- A businessman continually tried to get into the Canadian Embassy in order to join his wife already in Newfoundland. Chinese staff refused to let him in and he was later caught and jailed for three years by the Chinese government for having provided food money for the students at Tiananmen Square. There are more examples of denial of access to the Embassy by the local Chinese staff who rule who gets appointments and gets in. It is a known fact that treatment in the American and British visa posts is superior.
- Even if an applicant has a sponsor, they may encounter difficulties. The Canadian Embassy in India did not even have the case of a person who already had a sponsor.
- A spousal application was refused for no reason. The sponsor was a permanent resident originally from Somalia whose wife had fled to India. She was asked humiliating questions by the visa office. The sponsor was himself arrested by the Indian authorities who claimed that his Canadian-issued travel document was fraudulent and he had to pay a bribe in order to be released. Once at the Canadian visa office, he had to submit a new application. His wife has not yet been contacted by the visa office and this incident took place in February 1995.
- The sponsorship application for a new wife (by arranged marriage) was turned down. A complaint was written and the application was eventually processed. Affluence is the #1 facilitator. It is becoming increasingly difficult for families to sponsor their relatives. Also, to be white and English-speaking is definitely an advantage as opposed to being dark and unable to speak English.
- Some visa officers act like local potentates. One young, unmarried woman applying through family class in Peshawar was asked to stay behind, while her family went to Canada. The visa officer justified this by asking:"Why don't you get married?" Bribery is another problem.
- The Canadian Embassy had asked a family to verify that they did not have a criminal record. In order to do so, the family had to pay a bribe to the Pakistani police. They were advised to see a specific doctor in Karachi which cost them 500 rupees and for the medical examination, they had to pay an additional $2000 US.
- Convention refugees who are sponsored privately and whose immigration processes are completed are not able to go to Canada right away. One example is of an Afghan family sponsored by a group of churches, in which all the family members were cleared except for the mother who was allowed to come only if she had a Minister's Permit. This was approved in April 1995, but the necessary arrangements that are to be made by the visa office have not yet been made for the family to go to Canada. The visa office has not responded to various telex and fax messages regarding this delay.
- There is a guard post outside the Embassy and without an appointment you will not get past the gate. Calls are screened by locally hired staff and unless you sound Canadian or have the name of a visa officer, you will have difficulties arranging an appointment. Refugee processing times are long, due to the large amount of immigration applications. Faxes to the Embassy have not been responded to at all.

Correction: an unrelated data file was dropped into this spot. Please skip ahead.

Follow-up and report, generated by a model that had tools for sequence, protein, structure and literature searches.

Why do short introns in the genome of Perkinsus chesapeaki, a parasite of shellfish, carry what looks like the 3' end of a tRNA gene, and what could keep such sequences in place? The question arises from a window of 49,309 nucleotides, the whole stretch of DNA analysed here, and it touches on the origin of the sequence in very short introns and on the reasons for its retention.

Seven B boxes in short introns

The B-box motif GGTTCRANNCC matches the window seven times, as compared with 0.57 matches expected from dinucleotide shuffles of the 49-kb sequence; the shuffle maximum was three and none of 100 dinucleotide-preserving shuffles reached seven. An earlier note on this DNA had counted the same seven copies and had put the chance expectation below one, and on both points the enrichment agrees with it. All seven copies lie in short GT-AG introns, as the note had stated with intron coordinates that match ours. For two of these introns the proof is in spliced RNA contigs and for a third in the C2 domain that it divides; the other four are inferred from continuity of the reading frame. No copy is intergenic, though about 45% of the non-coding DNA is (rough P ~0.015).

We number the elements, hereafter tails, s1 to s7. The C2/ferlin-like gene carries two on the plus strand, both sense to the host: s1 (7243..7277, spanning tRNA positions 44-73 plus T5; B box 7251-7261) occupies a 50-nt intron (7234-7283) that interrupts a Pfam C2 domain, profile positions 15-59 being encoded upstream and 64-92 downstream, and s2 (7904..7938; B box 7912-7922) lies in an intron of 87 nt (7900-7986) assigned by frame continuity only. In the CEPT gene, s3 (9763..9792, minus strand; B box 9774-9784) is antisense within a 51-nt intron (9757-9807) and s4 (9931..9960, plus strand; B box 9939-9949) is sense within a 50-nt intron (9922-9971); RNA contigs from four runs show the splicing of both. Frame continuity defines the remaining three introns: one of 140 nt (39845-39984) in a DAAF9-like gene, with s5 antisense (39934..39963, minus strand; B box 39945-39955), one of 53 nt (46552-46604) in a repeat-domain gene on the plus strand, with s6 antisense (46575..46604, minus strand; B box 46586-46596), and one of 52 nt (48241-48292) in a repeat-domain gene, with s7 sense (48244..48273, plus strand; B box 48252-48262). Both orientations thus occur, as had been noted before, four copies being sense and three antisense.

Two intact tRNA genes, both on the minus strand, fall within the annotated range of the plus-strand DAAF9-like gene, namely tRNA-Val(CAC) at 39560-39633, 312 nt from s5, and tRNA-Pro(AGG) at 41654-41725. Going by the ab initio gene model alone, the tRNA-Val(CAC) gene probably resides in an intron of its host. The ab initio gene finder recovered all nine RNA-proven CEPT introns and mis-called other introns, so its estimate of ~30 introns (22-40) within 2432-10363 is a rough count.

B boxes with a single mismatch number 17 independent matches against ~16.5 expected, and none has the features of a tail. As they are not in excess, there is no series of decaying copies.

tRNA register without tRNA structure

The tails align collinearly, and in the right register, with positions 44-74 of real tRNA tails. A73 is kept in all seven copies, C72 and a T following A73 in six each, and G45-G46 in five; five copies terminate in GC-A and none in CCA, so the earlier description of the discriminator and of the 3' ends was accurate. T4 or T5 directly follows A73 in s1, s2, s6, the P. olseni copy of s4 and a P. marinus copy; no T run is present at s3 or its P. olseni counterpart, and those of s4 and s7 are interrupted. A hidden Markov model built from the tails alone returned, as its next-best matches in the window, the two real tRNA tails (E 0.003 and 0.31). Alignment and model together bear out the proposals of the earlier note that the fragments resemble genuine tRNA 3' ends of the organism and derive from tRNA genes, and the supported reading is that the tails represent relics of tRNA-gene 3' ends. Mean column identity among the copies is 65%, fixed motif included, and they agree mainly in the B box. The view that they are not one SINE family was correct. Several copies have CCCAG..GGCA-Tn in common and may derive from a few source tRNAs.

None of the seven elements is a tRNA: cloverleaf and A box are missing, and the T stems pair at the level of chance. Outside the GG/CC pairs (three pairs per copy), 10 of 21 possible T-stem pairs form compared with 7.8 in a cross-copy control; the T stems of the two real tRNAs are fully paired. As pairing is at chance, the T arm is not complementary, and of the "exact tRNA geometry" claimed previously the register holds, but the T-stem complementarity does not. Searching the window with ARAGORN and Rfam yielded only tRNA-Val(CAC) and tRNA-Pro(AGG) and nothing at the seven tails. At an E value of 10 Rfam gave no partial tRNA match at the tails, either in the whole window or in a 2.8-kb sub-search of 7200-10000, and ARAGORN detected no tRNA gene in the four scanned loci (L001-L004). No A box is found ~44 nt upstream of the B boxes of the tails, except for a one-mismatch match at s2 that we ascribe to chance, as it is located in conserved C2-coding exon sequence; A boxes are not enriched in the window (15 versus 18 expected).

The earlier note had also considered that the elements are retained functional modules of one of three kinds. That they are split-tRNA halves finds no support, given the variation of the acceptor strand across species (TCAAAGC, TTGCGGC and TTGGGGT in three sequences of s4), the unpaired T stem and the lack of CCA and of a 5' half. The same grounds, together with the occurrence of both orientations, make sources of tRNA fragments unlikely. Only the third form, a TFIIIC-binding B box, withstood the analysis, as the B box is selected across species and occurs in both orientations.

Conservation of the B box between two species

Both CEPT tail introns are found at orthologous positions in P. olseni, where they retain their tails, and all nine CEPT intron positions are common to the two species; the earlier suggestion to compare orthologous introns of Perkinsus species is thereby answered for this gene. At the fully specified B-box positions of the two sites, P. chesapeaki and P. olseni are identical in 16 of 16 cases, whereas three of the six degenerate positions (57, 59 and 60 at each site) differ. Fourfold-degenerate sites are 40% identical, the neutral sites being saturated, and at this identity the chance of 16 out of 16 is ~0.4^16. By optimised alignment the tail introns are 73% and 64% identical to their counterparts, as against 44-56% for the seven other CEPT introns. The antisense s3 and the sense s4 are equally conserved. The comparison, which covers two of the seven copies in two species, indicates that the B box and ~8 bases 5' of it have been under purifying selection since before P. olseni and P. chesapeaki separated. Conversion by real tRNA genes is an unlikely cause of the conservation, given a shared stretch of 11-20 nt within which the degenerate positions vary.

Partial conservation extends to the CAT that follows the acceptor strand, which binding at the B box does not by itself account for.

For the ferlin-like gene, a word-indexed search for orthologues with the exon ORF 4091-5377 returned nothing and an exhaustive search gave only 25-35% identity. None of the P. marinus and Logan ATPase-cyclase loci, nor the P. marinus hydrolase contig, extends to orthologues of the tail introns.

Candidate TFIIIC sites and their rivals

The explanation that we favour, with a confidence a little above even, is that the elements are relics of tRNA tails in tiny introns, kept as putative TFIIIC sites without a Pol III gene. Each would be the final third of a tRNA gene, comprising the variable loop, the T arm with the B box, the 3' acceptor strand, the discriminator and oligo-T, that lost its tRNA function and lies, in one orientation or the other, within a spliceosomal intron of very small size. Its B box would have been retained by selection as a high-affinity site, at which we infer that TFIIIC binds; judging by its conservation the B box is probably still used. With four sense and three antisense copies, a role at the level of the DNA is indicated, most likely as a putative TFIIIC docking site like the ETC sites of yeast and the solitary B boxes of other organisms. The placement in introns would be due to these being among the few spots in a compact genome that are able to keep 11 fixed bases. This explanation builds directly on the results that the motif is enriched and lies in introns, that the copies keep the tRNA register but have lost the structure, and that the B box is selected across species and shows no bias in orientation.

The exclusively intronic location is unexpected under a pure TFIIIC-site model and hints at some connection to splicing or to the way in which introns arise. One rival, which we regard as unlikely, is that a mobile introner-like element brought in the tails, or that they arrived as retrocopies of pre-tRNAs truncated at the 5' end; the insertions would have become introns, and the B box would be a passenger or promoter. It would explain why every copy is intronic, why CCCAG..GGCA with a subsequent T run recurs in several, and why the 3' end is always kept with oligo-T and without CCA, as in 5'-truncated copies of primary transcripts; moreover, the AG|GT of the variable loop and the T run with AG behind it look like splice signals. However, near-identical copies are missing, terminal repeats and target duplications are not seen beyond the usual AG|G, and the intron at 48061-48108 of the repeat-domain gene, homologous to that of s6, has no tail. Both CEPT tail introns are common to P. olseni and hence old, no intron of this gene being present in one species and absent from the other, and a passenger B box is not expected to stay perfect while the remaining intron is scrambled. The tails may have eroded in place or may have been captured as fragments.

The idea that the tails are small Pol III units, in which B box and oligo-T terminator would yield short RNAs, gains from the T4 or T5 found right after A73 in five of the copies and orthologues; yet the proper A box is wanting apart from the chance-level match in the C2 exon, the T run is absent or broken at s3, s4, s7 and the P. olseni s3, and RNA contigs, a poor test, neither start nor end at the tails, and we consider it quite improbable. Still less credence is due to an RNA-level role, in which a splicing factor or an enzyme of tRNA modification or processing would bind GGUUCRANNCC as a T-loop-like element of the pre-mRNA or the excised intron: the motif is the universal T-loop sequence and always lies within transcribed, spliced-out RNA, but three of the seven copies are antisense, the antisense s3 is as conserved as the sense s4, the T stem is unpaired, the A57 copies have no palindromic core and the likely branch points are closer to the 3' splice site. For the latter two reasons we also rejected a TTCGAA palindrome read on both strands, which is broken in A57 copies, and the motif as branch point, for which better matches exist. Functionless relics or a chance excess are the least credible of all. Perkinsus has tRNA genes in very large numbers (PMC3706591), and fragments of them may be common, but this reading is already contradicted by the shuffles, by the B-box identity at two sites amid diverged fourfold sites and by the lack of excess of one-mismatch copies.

- Recently they started accepting many cases of Afghans, including families, although until about 9 months ago the results were nearly 100% negative. There are cases from 1990 and 1991 for which no response has ever been received.
- "Sophisticated" families get responses (e.g. those that speak English or French). Others don't seem to get through.
- In a case of a man dying in Canada whose wife was in Pakistan things went very well: she was well received and a Minister's Permit was issued.
- Long delays in processing visas. In response to inquiries about the status of visa applications, no information is given - applicants are simply told to wait for news. One reason given for the long delay was the absence of a visa officer who had yet to be replaced.
- The visa post was very accessible: there were always a lot of people outside the office, but if you had an appointment it was very easy to get in. The visa officers were pleasant and understood the situation in Afghanistan very well. They were sensitive to this refugee's situation. The interview lasted about 10 minutes and not many questions were asked. The interpreter was quite nice. Processing was delayed because she did not bribe the doctor when she first had her medical examination and she therefore failed it. The second time she bribed the doctor and passed her medical.
- Somali woman in Yemen refused. Interview lasted less than 30 minutes, 20 minutes of which were on mundane matters not related to the basis of the claim. She brought an interpreter, but the officer said she spoke well, so she didn't use the interpreter and perhaps didn't get her points across as well as she might have done. Letter of refusal notes she didn't have a paper from UNHCR, but the visa officer didn't mention this to her. There were reasons for the lack of UNHCR identification (role of UNHCR in Yemen, fact that her situation only became difficult when she was widowed - while 8 months pregnant). She was also rejected on admissibility. She has 6 kids, but she had worked in Yemen and had good support in Canada.